Google has over a million servers. Maintenance and operations are fully automated. Software is written in such a way that failure of hardware is assumed. Hardware are not top-end but instead commodity rather low-end servers. Software can easily extend over hundreds of servers.
Applications are isolated and use the servers and data through standard interfaces.
I can´t throw away my legacy
Of course an established operator can not throw away their legacy systems. So until we have a common data store and isolation between software and hardware what can we do?
The trick is to start small, move quickly and use asset exposure. Isolate the legacy systems and expose simple APIs to the telecom assets. Via asset exposure a lot of the “hard-coded” SS7 services can be substituted with network intelligence in the cloud. Mini applications can be written by anybody from a large multinational to an individual developer. As long as users can pick their preferred services and applications from the “net app store”.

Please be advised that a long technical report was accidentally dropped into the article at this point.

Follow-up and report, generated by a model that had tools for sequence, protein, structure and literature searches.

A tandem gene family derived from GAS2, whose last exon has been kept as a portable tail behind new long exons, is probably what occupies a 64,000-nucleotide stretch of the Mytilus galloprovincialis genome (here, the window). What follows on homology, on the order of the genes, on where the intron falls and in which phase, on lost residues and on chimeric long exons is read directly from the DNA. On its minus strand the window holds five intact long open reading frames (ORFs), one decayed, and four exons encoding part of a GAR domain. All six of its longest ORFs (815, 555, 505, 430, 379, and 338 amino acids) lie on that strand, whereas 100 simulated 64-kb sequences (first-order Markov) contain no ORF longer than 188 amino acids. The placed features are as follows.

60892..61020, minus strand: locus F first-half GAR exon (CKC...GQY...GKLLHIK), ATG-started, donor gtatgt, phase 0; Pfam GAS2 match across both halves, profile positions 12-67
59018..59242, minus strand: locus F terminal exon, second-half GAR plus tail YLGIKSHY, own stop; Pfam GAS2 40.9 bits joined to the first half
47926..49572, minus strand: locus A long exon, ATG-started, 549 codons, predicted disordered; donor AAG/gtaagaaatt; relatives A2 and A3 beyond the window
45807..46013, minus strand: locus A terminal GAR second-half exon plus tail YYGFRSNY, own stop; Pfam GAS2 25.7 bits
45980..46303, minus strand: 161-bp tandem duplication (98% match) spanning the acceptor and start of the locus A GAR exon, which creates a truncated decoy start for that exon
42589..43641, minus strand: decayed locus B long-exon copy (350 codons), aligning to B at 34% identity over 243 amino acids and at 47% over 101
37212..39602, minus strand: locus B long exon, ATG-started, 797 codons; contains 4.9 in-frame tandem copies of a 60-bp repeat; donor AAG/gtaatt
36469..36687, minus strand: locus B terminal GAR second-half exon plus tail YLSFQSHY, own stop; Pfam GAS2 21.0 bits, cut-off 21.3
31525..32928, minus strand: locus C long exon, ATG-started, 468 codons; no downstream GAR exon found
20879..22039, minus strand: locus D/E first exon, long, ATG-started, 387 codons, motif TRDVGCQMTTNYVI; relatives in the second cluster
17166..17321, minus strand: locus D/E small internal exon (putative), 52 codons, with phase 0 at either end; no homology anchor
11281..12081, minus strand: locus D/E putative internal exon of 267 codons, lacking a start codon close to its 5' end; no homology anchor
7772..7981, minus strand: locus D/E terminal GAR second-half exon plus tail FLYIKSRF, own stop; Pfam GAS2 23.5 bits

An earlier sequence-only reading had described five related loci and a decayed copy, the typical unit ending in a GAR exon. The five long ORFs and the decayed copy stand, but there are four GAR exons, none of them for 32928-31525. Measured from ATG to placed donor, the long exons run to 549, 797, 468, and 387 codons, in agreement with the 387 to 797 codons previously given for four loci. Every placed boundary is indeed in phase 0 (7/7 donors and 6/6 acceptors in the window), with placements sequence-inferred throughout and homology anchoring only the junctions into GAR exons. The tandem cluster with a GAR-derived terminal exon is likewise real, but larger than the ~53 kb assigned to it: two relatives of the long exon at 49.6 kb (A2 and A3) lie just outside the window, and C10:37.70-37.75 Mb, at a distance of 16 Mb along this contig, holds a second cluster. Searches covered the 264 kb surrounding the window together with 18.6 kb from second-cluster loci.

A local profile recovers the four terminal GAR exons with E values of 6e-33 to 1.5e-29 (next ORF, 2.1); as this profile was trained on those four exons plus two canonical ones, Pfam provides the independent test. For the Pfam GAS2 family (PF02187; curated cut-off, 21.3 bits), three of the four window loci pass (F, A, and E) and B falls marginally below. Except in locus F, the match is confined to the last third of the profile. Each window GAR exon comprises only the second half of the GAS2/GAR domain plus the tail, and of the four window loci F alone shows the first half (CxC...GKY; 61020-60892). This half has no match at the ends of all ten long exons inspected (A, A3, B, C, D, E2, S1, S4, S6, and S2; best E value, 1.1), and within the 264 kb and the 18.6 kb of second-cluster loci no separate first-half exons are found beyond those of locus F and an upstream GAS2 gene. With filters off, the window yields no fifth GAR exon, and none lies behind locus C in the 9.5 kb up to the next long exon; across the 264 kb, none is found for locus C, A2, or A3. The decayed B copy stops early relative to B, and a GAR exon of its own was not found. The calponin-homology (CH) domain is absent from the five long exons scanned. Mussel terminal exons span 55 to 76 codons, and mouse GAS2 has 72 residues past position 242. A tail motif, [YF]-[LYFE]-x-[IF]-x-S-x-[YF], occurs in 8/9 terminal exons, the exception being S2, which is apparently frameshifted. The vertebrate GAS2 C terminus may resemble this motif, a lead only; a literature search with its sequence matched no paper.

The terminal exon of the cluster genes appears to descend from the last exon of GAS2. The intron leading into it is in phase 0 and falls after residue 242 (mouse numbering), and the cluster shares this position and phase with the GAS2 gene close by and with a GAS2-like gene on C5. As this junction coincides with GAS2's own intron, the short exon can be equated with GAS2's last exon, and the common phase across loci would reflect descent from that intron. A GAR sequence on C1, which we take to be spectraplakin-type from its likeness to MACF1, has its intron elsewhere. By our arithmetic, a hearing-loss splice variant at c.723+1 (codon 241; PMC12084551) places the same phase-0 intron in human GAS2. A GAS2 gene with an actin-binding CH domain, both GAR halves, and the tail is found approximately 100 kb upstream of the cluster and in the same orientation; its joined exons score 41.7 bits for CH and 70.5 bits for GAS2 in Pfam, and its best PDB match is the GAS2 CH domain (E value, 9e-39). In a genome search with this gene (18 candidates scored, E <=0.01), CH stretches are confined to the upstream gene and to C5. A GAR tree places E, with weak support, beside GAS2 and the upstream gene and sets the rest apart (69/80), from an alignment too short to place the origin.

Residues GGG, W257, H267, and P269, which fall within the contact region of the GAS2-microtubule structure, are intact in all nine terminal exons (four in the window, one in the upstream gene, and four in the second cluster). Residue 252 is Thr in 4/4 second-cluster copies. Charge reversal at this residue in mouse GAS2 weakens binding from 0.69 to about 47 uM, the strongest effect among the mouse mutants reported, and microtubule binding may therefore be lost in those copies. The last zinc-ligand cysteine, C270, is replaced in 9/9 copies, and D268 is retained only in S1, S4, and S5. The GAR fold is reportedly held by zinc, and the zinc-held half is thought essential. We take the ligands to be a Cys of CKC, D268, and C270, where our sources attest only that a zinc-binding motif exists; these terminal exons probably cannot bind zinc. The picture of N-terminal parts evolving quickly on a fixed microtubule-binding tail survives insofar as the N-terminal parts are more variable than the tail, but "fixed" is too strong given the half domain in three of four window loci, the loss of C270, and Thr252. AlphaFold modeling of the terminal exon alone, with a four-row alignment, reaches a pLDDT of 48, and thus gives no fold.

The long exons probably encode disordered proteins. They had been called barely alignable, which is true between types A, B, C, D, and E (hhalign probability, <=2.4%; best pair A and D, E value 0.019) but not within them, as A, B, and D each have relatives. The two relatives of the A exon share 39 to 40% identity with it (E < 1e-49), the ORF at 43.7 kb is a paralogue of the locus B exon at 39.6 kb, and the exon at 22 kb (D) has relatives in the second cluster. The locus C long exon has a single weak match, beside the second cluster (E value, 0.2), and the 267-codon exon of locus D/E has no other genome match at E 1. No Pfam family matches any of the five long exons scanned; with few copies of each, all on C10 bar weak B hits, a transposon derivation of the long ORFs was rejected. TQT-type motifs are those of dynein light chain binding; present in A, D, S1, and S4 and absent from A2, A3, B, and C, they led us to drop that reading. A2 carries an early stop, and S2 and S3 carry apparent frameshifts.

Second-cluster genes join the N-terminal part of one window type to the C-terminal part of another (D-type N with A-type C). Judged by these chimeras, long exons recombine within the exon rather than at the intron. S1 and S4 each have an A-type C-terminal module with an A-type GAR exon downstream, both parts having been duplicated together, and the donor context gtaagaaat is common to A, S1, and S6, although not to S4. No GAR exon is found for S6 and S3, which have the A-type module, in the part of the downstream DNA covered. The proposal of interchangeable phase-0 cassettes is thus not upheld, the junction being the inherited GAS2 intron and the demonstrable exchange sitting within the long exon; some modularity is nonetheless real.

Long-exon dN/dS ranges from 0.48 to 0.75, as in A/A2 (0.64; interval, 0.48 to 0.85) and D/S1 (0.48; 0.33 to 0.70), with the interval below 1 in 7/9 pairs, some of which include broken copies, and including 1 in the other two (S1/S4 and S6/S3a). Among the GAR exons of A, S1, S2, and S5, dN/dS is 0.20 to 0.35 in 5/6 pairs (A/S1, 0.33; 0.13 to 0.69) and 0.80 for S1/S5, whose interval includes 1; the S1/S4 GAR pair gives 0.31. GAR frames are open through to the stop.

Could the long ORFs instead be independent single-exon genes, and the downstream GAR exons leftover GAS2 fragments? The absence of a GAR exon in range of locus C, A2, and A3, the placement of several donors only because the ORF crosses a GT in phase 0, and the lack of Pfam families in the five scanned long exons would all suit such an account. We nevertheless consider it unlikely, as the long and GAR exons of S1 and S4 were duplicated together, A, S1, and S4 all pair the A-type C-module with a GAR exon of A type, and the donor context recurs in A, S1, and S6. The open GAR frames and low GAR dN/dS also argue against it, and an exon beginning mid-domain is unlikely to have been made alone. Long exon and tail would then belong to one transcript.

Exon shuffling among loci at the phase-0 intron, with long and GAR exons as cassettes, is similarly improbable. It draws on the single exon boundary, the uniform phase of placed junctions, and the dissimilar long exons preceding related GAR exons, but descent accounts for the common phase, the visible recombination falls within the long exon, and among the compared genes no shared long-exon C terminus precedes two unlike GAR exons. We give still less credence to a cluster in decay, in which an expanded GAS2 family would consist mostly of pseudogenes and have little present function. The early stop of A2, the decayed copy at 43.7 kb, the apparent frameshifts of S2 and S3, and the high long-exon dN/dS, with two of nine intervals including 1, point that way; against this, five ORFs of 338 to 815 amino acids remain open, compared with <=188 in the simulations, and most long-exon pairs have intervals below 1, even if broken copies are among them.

Data should also be transitioned to a common data store. In the beginning this might mean nightly synchronization of different silos. However little by little the common data store should become the master of the data. Dotcoms are no longer using sql database as a one-size fits all solution. Google, Yahoo, Facebook, Twitter, etc. all developed their in-house solutions and some even open sourced them.
Applications should be running on public or private clouds hence scaling up demand for the top applications during the day and well as scaling down during the night. This should control CAPEX of the hardware. Too much logic is packed into proprietary hardware. Software should be separated from hardware and written in such a way that it can scale to hundreds of servers.
Development teams should not have a contract of 12 months with a waterfall of requirements. Teams should be small (5-6) and have short iterations to deliver small incremental innovations. The dotcoms have a tendency to release new features multiple times a week. Even some multiple times a day. Get immediate feedback and kill if not successful. For telecom innovation teams to do the same, they should be multi-disciplinary. Ideally a mix of people from the operator and strategic partners. It pays off to have a common architecture to deploy the individual services quickly. It pays off even better to have an open API so the innovation team works on the infrastructure for others to innovate.